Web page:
Easy to Make Homemade Chinese “Takeout”

I absolutely love Chinese fast food but where I live, good Chinese restaurants are few and far between. Because of this, I have learned how to make several of my favorite Asian dishes at home. I was surprised to find that many of these dishes are really easy to make. Once you get the hang of it, you could be like me and prefer your own versions of the dishes to the ones at the restaurant. However, before you start with the preparation of any of the dishes doing a food tolerance test can be helpful. Food Intolerance Test is designed to help detect the food that you body is capable of handling. This way you can avoid ingestion and other digestive problems. 

Many Chinese restaurants start the meal with egg rolls and soup. My favorite soup is egg drop soup. After much research, I finally found a recipe for egg drop soup that is delicious and so easy, you won’t believe it. Bring four cups of water to a boil. Once the water is boiling, add three cubes of chicken bouillon and let them dissolve. While you’re waiting, break two eggs into a cup or bowl and scramble them with a fork. When all the bouillon has dissolved, turn the broth down to a slow boil. Then slowly pour in the scrambled egg mixture. You should see the egg turn into noodles as it hits the water. (If it doesn’t, pour it all out and try again.) Allow the soup to continue to cook for another minute or two, season with salt and pepper to taste and top with chopped green onions.

Lots of people love fried rice but have absolutely no idea how to make it properly. For four servings, make the appropriate amount of rice and allow it to dry out slightly (for best results, use something other than minute rice. I like jasmine rice.) You can even do this the night or a couple of days beforehand. Once you’re ready to cook, take a large wok or deep nonstick pan, set to medium heat and pour three tablespoons of sesame oil into the pan. Next, add your meat of choice and season accordingly (try a pound of chopped chicken with a little ginger, minced garlic, chopped onion, pepper, and soy sauce). Once the meat is completely cooked, add the rice and mix thoroughly. Season the mixture with salt, pepper, garlic powder (if you didn’t already add minced garlic), a dash of ginger, and soy sauce to taste. Mix the rice well again and add vegetables. Add as many of the following as you like: peas, carrots, baby corn, broccoli, red peppers, mushrooms, water chestnuts, bean sprouts, and bamboo shoots.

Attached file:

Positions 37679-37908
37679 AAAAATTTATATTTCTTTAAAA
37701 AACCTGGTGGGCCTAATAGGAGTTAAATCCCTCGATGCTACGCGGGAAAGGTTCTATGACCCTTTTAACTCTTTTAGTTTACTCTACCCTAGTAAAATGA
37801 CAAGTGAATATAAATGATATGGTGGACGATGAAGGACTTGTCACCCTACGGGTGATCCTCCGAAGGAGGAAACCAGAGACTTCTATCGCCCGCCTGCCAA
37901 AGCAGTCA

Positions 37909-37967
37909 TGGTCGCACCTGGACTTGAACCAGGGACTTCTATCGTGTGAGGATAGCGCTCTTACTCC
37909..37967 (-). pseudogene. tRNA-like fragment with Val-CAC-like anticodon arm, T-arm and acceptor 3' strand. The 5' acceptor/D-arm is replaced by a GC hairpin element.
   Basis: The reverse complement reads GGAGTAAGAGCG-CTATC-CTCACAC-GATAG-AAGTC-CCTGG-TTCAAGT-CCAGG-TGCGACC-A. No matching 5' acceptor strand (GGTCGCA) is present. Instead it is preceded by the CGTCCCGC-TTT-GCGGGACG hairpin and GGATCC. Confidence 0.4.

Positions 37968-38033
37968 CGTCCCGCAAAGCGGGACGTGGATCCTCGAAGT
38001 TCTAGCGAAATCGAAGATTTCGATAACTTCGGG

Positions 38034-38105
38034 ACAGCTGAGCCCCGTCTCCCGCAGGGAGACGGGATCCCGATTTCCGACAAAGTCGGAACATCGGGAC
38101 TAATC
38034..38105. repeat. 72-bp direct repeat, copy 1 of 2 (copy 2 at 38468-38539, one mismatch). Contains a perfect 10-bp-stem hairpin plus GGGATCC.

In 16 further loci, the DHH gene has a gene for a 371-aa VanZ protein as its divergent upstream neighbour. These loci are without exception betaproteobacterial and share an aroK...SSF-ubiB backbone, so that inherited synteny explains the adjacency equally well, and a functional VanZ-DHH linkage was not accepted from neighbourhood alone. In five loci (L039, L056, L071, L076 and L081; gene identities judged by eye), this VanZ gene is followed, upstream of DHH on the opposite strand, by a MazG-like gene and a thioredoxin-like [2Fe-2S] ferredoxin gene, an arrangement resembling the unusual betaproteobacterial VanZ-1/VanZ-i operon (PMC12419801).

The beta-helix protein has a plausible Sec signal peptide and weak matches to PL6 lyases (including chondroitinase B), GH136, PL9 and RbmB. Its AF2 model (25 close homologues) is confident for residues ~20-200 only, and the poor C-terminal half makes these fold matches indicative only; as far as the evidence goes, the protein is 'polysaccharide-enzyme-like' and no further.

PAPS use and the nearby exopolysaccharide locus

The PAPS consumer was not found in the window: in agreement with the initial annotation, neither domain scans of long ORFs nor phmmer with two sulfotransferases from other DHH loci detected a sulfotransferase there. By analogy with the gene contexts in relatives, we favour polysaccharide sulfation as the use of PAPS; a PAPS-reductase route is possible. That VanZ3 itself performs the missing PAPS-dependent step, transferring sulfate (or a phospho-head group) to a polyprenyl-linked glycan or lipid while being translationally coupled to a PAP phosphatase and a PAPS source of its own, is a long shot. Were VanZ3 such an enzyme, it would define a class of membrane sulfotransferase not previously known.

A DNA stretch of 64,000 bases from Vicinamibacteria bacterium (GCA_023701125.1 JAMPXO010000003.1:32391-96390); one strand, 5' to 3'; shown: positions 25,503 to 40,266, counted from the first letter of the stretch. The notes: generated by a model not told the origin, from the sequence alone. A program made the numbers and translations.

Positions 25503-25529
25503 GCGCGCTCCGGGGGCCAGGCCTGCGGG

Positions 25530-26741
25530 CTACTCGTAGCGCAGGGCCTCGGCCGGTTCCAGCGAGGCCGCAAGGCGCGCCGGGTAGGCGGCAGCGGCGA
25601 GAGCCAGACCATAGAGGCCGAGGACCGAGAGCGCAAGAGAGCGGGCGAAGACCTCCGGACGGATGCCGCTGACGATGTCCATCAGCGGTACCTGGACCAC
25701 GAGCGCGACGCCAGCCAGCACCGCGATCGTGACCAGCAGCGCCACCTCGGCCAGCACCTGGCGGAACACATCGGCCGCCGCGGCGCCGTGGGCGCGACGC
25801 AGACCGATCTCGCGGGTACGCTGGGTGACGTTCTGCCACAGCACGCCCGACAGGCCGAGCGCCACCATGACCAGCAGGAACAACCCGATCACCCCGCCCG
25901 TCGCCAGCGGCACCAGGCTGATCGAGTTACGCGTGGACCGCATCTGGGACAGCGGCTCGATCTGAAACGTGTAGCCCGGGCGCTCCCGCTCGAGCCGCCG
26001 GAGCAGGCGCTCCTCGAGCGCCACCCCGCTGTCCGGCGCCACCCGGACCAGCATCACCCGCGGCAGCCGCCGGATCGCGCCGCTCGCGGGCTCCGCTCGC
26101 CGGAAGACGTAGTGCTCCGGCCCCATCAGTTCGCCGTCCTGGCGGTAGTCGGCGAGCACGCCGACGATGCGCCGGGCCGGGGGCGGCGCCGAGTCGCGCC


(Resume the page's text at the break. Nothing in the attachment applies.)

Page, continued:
Finally, end your meal with a favorite Chinese takeout dessert: sugar biscuits. Just grab a 12-ounce can of regular biscuits from the grocery store (don’t get the flaky kind, they won’t turn out right) and separate the biscuits. Heat about two cups of vegetable oil in a deep pan to 350 degrees. Place several biscuits in the oil then fry until golden brown. Once one side is done, flip to fry the other side. Remove the biscuits from the oil and allow them to drain on paper towels for a couple of minutes. Then, dip them in a bowl of sugar to coat all sides. Once they’re cool enough to handle, eat and enjoy!